α-Particle Scattering Experiment by Rutherford

In this experiment H Geiger and E Marsden( Student of Rutherford and on suggestion of Rutherford) took ₈₃Bi²¹⁴ (Bismuth) as a source of α particles. A collimated beam of α particles of energy range (5 MeV to 7.7 MeV) was allowed to fall on 10⁻⁸ m to 10⁻⁶ m thick gold foil. The α particles were observed through a rotatable detector consisting of a zinc sulphide screen and microscope and it was found that α particle got scattered. These scattered α particle produced scintillations on the zinc sulphide screen. Now these scintillations were are counted at different angles from the direction of incident beam(say θ).


Observations:


(I) Most of α particles passed through the gold foil without any deflection or in straight line (approx 99.86 %).

(II) Only about 0.14 % of the incident α particle scattering by more than 1⁰

(III) About 1 α particle in every 8000 α particles deflected by more than 90⁰.

(IV) About 1 in 10⁵ α particles deflected by 180⁰ and returns back.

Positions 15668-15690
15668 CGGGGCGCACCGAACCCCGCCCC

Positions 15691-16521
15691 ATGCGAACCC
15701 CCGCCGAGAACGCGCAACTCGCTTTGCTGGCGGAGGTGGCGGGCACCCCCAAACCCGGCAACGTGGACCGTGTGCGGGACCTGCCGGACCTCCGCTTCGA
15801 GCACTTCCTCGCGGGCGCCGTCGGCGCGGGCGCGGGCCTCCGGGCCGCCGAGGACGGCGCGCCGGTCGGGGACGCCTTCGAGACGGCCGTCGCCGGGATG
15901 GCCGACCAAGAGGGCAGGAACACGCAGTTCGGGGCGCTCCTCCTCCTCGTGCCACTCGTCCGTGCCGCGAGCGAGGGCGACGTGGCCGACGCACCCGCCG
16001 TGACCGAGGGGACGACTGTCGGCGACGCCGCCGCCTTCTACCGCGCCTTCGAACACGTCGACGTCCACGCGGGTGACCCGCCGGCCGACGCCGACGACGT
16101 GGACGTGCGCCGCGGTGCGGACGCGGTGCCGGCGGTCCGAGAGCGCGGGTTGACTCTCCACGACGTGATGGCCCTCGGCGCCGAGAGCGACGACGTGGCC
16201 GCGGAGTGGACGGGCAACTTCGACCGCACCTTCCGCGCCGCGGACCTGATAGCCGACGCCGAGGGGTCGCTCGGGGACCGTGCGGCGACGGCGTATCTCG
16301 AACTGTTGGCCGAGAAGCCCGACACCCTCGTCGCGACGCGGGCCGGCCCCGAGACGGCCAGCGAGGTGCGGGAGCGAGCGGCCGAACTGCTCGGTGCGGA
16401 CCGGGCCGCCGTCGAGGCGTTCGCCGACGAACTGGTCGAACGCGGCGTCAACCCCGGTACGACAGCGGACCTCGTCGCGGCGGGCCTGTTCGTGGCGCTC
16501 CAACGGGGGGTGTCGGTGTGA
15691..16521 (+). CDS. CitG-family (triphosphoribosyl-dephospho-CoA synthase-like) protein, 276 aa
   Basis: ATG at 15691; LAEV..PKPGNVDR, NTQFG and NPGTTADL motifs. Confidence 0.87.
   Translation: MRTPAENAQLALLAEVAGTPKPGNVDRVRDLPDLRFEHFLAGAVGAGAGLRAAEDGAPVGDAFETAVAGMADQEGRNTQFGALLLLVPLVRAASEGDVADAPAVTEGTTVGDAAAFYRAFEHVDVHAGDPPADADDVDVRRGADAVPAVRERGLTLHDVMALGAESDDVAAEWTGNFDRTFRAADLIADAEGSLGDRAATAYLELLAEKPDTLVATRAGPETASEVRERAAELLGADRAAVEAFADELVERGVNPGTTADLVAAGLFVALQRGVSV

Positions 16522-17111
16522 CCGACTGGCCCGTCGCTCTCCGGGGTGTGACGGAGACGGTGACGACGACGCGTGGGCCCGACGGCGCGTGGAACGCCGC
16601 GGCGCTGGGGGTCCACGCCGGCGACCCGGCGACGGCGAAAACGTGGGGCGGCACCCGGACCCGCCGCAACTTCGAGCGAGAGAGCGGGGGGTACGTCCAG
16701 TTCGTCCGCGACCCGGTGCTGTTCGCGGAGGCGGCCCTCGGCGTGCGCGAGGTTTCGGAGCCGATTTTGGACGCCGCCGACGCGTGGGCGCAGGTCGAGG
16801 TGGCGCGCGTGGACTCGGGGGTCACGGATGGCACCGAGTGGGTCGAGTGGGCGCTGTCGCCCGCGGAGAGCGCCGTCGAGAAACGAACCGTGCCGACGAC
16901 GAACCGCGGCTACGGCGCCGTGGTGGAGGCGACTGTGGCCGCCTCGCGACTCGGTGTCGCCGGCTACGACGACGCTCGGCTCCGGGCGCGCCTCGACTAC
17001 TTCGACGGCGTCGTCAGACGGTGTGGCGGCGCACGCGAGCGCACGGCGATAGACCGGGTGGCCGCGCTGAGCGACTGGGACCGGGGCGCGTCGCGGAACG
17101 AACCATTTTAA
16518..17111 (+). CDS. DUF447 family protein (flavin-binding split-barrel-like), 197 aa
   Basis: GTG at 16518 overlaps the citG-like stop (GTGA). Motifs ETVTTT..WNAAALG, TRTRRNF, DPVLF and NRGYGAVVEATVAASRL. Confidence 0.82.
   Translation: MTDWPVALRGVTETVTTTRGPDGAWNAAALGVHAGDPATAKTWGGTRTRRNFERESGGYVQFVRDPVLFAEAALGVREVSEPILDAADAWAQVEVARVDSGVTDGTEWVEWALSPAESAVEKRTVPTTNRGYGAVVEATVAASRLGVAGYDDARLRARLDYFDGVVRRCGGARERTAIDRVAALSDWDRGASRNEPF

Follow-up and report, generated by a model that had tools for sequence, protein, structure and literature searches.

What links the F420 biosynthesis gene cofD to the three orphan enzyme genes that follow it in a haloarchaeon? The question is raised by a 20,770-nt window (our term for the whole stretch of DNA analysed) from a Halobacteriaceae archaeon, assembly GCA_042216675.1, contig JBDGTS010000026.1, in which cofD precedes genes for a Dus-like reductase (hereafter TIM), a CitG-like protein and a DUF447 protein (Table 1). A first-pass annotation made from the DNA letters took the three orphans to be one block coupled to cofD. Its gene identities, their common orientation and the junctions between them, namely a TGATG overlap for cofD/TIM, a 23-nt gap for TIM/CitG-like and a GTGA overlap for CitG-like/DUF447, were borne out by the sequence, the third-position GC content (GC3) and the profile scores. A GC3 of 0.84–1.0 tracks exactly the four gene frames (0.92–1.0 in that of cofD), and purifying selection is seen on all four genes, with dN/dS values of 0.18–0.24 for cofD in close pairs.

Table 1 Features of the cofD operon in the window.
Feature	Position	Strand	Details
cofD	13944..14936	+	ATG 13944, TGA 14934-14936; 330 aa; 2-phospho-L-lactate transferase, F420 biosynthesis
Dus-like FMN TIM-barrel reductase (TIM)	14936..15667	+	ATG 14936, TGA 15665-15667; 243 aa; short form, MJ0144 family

(V) The number of particles scattered at angle θ are given by

               N= kz²/Sin⁴(θ/2)

Where, N = Number of α particle
               k = Constant
               Z = Atomic number of atom
               θ = Scattering angle

(VI) The graph between total number of α particle(N) and scattered through at angle θ is (Experimentally)



From the above experiment Rutherford concludes the following.

Rutherford Nuclear Model of Atom:

1. Since most α particles passes undeviated that means atom has a lot of empty space and practically the entire mass of the atom is confined to an extremely small central core called nucleus, whose size is of the order of 10 to 10 m.

2. Scattering of α particles(+Ve) is due to the Coulomb’s law for electrostatic force of repulsion between the positive charge of the nucleus and α particles.

3. Distance between electron and nucleus is from 10 to 10 times the size of nucleus itself.

4. The size of nucleus is of order of 10 m, which is very small as compared to the size of the atom which is of the order of 10 m.

5. The atomic nucleus is surrounded by certain number of electron. The total number of negative charge of electrons surrounding the nucleus is equal to the total positive charge on the nucleus.

6. These electrons revolve around the nucleus in various circular orbits as the planets do around the sun.

The electrons are attracted by nucleus due to electrostatic force but are not pulled toward it as they are constantly revolving in circular path using this electrostatic force as centripetal force(fe=fc).

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